Entire families are regarded even higher on the social totem pole, so perhaps it's not surprising that the young of paired geese are also more successful than the offspring of a one-night stand. They're more likely to grow up to breed successfully, continuing their parents' lineage [source: Raveling]. Perhaps you could compare it to being the offspring of a well-paid movie star or head of state -- you're not guaranteed success, but you definitely get a head start on the competition.
Along with the above benefits, studies show that geese with strong familial bonds produce more offspring than those without such bonds. Due to the "mate familiarity effect," paired geese see their reproductive success increase for the first six to 11 years of the partnership [source: Black]. Biologists think this occurs because they're able to fine-tune their behaviors and coordinate their efforts to acquire optimal resources. Established pairings also share a familiarity with frequently visited sites, so they can draw on each other's expertise of the sites' associated predators, available food and nesting areas.
Further cementing the value of social monogamy in geese is the fact that their reproductive cycles occur in such a short time span because of the limited duration of available resources. Mating begins almost immediately upon finding good nesting sites, and the growth of the goslings is timed to occur at the same time that their food -- sedges and grasses -- grows. Having to waste time looking for a mate each season would cut into the small window of time that geese have to breed. The fact that most geese have established pair bonds allows them to begin nesting without delay.
For better, for worse; for richer, for poorer -- in a world where it's all about spreading one's seed as prolifically as possible into the next generation, these birds do whatever it takes to make sure their DNA lives on.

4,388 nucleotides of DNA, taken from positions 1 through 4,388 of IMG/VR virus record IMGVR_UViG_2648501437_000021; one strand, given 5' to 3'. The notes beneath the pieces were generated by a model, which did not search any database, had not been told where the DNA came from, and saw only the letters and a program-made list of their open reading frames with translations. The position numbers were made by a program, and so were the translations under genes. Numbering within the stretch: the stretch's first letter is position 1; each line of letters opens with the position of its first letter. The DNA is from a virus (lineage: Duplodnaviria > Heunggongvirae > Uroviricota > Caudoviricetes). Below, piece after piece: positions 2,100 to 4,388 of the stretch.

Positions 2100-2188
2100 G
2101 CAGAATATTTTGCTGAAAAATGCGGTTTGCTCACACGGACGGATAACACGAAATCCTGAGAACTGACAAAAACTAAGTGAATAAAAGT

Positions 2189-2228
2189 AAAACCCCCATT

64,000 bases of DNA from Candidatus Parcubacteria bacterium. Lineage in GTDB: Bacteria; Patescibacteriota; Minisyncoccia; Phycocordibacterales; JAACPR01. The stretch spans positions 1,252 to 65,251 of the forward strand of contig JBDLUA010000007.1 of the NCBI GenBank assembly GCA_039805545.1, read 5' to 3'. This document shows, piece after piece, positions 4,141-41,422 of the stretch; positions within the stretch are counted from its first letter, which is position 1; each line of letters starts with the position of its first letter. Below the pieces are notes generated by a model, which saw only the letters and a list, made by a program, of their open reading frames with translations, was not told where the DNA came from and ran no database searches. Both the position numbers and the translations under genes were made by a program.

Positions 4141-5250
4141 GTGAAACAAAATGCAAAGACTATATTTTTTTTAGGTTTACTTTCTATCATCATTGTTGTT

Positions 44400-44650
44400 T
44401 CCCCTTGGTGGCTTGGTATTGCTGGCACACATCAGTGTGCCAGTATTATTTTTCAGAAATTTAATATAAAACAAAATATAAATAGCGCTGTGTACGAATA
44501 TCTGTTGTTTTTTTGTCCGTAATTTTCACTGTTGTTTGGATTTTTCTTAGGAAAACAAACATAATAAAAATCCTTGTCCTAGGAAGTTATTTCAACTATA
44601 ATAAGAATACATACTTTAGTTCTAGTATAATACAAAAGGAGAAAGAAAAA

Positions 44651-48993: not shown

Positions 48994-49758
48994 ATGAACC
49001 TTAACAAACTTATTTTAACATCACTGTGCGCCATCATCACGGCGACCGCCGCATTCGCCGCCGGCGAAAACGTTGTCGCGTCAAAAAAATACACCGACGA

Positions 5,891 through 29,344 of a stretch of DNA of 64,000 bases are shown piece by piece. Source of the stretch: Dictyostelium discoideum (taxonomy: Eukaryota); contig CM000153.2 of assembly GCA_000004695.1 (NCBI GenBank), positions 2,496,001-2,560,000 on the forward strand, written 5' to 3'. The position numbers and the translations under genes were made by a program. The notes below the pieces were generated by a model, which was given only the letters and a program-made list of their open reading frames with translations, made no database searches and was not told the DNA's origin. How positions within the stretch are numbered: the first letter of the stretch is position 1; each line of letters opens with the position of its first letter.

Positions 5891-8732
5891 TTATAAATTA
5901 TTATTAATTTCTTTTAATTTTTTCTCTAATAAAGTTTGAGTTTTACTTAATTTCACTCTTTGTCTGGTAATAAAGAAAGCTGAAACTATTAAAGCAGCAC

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More Great Links
- Akesson, Thomas R and Raveling, Dennis G. "Behaviors Associated with Seasonal Reproduction and Long-Term Monogamy in Canada Geese." The Condor. Vol. 84, no. 2. 1982. (Aug. 22, 2008)http://elibrary.unm.edu/sora/Condor/files/issues/v084n02/p0188-p0196.pdf
- Barash, David P. "Deflating the Myth of Monogamy." Trinity University. (Aug. 25, 2008)http://www.trinity.edu/rnadeau/FYS/Barash%20on%20monogamy.htm
- Black, Jeffrey M. "Fitness consequences of long-term pair bonds in barnacle geese: monogamy in the extreme." Behavioral Ecology. Vol. 12, no. 5. 2001.
- Bryner, Jeanna. "Are Humans Meant to be Monogamous?" Life's Little Mysteries. LifeScience. (Sept. 10, 2008)http://www.livescience.com/mysteries/080319-llm-monogamy.html
- Gill, Frank B. "Ornithology." New York: W.H. Freeman and Company. 1990.
- Holladay, April. "Philandering animals, fast spins, faster circumnavigations." USA Today. Feb. 25, 2005. (Aug. 28, 2008)http://www.usatoday.com/tech/columnist/aprilholladay/2005-02-25- wonderquest_x.htm
- "National Vital Statistics Report." CDC. Vol. 54, no. 20. July 21, 2006. (Aug. 28, 2008)http://www.cdc.gov/nchs/data/nvsr/nvsr54/nvsr54_20.pdf
- "People Statistics: Divorces per 100 marriages (most recent) by country." NationMaster.com. 2000. (Aug. 28, 2008)http://www.nationmaster.com/graph/peo_div_per_100_mar-people-divorces-per- 100-marriages
- Raveling, Dennis G., et al. "Reproductive success and survival in relation to experience during the first two years in Canada Geese." The Condor. Vol. 102, no. 4. Nov. 2000.
- Sinervo, Barry. "Mating Systems and Parental Care." UCSC Department of Ecology and Evolutionary Biology. 1997. (Aug. 22, 2008)http://bio.research.ucsc.edu/~barrylab/classes/animal_behavior/MATESYS.HTM